Coronavirus can infect oral cells

Earlier it became known that the upper respiratory tract and lungs are the main foci of SARS-CoV-2 infection.

However, as a result of a new study, the authorsrevealed signs that the virus could infect cells in other parts of the body, such as the digestive system, blood vessels, kidneys, and mouth.

The fact that the virus can infect multiple areas of the body will help explain the wide range of symptoms that COVID-19 patients experience.

What's more, the findings indicate that the mouth may play a role in the transmission of SARS-CoV-2 to the lungs or digestive system through virus-laden saliva.

Researchers examined oral tissue in healthy people to identify areas of the mouth susceptible to SARS-CoV-2 infection.

RNA of two key proteins for penetration -receptor ACE2 and enzyme TMPRSS2 - was found in the cells of the salivary glands and tissues of the oral cavity. This indicates an increased vulnerability, as the virus is believed to need both input proteins in order to gain access to cells.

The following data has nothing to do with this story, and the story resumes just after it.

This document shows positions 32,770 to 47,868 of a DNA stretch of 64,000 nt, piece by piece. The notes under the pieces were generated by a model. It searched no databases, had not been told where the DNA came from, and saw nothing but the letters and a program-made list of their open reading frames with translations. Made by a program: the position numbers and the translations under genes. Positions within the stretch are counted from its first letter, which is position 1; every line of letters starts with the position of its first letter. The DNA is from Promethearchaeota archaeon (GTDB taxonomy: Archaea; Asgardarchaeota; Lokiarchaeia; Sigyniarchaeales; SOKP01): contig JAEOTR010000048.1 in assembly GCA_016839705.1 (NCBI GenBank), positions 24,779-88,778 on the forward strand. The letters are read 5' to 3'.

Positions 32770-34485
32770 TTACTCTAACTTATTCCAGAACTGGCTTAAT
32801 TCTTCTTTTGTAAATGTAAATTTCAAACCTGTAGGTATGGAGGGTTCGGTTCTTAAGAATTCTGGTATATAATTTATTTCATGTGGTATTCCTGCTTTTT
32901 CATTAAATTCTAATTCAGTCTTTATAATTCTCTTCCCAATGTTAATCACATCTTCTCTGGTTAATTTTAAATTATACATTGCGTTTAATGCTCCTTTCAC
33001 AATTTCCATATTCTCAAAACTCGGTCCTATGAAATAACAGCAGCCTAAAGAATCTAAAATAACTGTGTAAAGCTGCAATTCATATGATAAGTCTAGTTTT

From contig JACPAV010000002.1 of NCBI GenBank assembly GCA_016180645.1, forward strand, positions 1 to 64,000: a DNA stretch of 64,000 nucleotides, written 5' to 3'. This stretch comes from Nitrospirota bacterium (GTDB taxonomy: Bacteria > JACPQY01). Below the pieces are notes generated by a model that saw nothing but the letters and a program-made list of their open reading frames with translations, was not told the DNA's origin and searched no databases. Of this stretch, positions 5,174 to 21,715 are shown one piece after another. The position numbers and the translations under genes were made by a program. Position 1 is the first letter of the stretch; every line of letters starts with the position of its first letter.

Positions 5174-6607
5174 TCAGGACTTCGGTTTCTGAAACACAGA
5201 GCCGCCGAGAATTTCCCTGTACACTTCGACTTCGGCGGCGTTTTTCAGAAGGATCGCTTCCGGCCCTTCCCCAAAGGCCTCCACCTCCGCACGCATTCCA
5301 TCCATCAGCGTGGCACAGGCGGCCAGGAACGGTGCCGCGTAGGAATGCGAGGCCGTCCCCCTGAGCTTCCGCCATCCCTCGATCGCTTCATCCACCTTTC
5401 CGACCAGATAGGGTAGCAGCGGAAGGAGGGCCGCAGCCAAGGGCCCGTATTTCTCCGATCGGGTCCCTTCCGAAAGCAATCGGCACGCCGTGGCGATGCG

In addition, in the tissue of the salivary glands of one ofof deceased people, as well as a person who is currently suffering an acute form of COVID-19, scientists discovered specific viral RNA sequences: they indicated that cells are actively making new copies of the virus.

More research will be needed toto confirm the results obtained in a wider group of people and to determine the exact nature of how our mouth spreads SARS-CoV-2 and transfers it outside the body.

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